Make everything into an object!

OK, what’s “everything”? Well first look at all(!!) of the system calls. If there is a call to read the real time, make it into an object, or a call to read a source that is used to make random numbers, make it into an object. Remove the system call and invent a clock object access to which is via a capability. Since performance is important here the code defining the object is in the kernel, but access to this kernel function is contingent on holding the capability to the kernel clock. Some programs should run without the authority to read the clock. This means that when one launches a program that needs one of these that one must remember to include access to those objects. These two objects are sources of non-repeatability and it would be a great luxury to be able to deny the programs that you start the ability to be capricious.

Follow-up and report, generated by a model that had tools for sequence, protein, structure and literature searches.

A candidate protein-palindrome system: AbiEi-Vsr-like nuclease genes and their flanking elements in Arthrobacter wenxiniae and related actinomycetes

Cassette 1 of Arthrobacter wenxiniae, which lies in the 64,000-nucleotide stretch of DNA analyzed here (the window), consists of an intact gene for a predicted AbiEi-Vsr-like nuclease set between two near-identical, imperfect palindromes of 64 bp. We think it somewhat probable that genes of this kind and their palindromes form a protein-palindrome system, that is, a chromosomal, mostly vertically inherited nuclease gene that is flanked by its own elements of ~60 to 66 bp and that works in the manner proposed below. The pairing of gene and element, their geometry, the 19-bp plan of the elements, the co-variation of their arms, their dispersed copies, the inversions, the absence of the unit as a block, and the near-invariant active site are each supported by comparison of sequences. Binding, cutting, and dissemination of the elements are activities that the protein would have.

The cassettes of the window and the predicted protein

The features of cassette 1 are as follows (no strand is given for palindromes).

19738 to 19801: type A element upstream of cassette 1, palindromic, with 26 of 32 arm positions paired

There are some systems of hardware and software that can provide an environment for a program that ensures its repeatability. Programs designed to be interactive can be put thru test and debug regimes where they become repeatable.
The privileged code of Keykos on the 370 interprets only the key invocation SVCs. For the Motorola 88K we implemented a virtual compare and swap instruction. For reasons that are obscure that may have been poor design. It was quite slow for it cut across many internal kernel abstractions awkwardly. The 370 also implemented about two privileged instructions purely for performance. These were interpreted only if control bits in the domain root requested the privileged interpretation.

Here are some things that should be ownable in Keykos by capabilities, but are not yet.